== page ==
47 RONIN EBOOK

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47 Ronin Ebook

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Editorial Reviews. Review. "47 Ronin is a worthy addition to the library of any fan of Japanese history, medieval warfare or comics." sandmilgnigeco.ga About the. 47 Ronin: lt;div class="hatnote"|>For other uses, see |Forty-seven Ronin ( disambiguation)|.| || The revenge World Heritage Encyclopedia, the aggregation of. Compre 47 Ronin (English Edition) de Shunsui Tamenaga, James Murdoch, A. B. Confira também os eBooks mais vendidos, lançamentos e livros digitais.

A search of the building disclosed a man hiding; he attacked the searcher with a dagger, but the man was easily disarmed. He refused to say who he was, but the searchers felt sure it was Kira, and sounded the whistle. However, no matter how much they entreated him, Kira crouched, speechless, and trembling.

Kira was killed on the night of the 14th day of the 12th month of the 15th year of Genroku Gregorian [ 27 ]. They then extinguished all the lamps and fires in the house lest any cause the house to catch fire and start a general fire that would harm the neighbors and left, taking Kira's head.

Though Kichiemon's role as a messenger is the most widely accepted version of the story, other accounts have him running away before or after the battle, or being ordered to leave before the ronin turned themselves in.

As day was now breaking, they quickly carried Kira's head from his residence to their lord's grave in Sengaku-ji temple, marching about ten kilometers across the city, causing a great stir on the way.

The story of the revenge spread quickly, and everyone on their path praised them and offered them refreshment. On arriving at the temple, the remaining forty-six ronin all except Terasaka Kichiemon washed and cleaned Kira's head in a well, and laid it, and the fateful dagger, before Asano's tomb.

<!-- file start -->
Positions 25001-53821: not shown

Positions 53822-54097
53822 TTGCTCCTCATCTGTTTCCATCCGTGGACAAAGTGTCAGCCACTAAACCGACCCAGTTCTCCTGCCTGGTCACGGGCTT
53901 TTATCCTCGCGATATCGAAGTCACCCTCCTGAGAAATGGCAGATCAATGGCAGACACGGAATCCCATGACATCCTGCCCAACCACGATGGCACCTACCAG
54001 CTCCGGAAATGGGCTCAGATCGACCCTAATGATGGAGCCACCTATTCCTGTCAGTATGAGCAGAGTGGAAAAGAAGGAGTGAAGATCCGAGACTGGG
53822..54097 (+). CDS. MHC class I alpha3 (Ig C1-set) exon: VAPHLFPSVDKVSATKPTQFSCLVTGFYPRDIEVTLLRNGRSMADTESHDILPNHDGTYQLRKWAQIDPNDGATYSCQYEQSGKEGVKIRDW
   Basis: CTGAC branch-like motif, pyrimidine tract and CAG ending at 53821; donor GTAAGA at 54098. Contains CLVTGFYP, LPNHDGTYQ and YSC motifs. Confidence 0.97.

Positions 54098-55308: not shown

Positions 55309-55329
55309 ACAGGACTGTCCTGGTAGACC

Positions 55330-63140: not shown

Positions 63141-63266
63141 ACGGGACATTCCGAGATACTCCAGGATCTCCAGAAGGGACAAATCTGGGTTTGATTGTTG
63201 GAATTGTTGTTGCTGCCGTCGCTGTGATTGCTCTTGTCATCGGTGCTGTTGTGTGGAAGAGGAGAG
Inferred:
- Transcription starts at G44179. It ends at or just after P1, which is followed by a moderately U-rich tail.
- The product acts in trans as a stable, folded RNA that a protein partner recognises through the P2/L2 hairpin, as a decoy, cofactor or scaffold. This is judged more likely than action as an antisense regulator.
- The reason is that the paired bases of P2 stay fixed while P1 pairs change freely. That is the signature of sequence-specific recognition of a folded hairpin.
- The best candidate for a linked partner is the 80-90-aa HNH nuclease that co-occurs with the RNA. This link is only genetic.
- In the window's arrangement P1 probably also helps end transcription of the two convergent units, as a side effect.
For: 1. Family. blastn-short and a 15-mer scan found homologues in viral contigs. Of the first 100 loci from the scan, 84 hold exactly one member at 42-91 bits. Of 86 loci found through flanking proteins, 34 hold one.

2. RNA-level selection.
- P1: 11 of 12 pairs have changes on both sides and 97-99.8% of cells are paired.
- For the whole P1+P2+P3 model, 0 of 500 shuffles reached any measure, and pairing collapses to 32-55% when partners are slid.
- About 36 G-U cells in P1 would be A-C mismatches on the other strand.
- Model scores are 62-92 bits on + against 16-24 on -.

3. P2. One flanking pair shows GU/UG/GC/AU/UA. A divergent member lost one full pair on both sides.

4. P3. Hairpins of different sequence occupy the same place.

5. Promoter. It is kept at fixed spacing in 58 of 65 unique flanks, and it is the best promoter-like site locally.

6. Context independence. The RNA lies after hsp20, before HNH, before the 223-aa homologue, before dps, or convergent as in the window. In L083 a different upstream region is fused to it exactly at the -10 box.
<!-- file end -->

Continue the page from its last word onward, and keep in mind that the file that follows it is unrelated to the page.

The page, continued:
They then offered prayers at the temple, and gave the abbot of the temple all the money they had left, asking him to bury them decently, and offer prayers for them. They then turned themselves in; the group was broken into four parts and put under guard of four different daimyo.

During this time, two friends of Kira came to collect his head for burial; the temple still has the original receipt for the head, which the friends and the priests who dealt with them all signed. The shogunate officials in Edo were in a quandary. The samurai had followed the precepts of bushido by avenging the death of their lord; but they had also defied the shogunate authority by exacting revenge, which had been prohibited.

In addition, the Shogun received a number of petitions from the admiring populace on behalf of the ronin.

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As expected, the ronin were sentenced to death for the murder of Kira; but the Shogun had finally resolved the quandary by ordering them to honorably commit seppuku instead of having them executed as criminals. The forty-seventh ronin, identified as Terasaka Kichiemon, eventually returned from his mission and was pardoned by the Shogun some say on account of his youth. He lived until the age of 87, dying around , and was then buried with his comrades.

The assailants who died by seppuku were subsequently interred on the grounds of Sengaku-ji, [ 2 ] in front of the tomb of their master.

The clothes and arms they wore are still preserved in the temple to this day, along with the drum and whistle; the armor was all home-made, as they had not wanted to arouse suspicion by downloading any. The tombs became a place of great veneration, and people flocked there to pray. The graves at the temple have been visited by a great many people throughout the years since the Genroku era.